In today’s Gospel reading (Luke 18: 1 – 8), we heard the cries of one person for justice and the action of a judge to bring about justice, even if that is not what he wanted to do.  That was the cry of the American people some two hundred and sixty years ago.  Without the sacraments, there was a feeling of incompleteness and emptiness that no circuit rider, however good a preacher he might be, could fill.

It was a problem that John Wesley struggled with for a long time. Wesley was a firm believer in the rules of the Anglican Church. As such, he did not feel that he had the power or the authority to ordain ministers who could administer the Holy Sacraments. But the Anglican Church in England would not answer the cries of the American people, so Wesley took it upon himself to solve the problem by ordaining Francis Asbury and Thomas Coke as bishops.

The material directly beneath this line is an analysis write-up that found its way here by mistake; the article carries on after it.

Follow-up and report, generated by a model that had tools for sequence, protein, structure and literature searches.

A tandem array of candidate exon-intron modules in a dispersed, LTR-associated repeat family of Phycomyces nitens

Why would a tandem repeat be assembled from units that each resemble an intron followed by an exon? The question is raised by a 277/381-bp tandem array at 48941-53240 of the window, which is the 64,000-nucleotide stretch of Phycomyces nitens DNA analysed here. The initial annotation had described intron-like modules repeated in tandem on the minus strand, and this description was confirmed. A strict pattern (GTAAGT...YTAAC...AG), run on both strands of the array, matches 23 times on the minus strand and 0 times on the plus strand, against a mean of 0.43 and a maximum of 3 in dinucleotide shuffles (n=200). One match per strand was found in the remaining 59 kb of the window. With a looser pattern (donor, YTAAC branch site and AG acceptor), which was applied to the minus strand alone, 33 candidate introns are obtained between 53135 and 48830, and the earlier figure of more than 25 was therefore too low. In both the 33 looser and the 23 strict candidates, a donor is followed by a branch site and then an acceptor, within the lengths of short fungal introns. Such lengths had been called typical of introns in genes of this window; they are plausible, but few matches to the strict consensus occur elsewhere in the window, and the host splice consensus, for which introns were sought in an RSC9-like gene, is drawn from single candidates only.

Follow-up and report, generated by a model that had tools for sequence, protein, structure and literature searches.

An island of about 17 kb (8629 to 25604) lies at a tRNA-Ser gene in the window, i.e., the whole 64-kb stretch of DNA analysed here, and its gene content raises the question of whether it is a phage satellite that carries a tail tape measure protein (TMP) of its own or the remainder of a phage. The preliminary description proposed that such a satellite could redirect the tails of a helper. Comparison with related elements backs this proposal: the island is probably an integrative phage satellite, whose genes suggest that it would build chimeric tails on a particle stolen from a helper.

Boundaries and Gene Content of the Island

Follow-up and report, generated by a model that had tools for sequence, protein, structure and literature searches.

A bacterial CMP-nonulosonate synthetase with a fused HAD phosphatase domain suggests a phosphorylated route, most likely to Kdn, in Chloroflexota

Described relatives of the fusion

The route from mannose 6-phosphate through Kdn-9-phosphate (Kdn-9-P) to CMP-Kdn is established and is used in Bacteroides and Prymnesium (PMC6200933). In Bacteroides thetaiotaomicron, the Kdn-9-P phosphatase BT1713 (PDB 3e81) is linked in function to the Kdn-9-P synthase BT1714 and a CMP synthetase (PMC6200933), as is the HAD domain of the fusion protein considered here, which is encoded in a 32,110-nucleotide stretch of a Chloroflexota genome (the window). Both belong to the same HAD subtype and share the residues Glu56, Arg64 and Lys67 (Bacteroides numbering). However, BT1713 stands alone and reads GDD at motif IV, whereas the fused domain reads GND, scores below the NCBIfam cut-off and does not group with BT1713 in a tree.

Thus the Methodist Episcopal Church was formed in 1784. But even then there were still too few elders to offer the sacraments on a regular basis to the increasing number of Methodists in this country. During the decades of the circuit rider and laity led church services, communion was offered on, at best, a quarterly basis. Eventually most Methodist Churches were served by ordained elders. (Adapted from This Holy Mystery) But without the use of circuit riders and the laity, the Methodist Church would not have grown in those early years. And even today, there are many times when lay speakers are called upon to carry the Gospel message to the people of the church.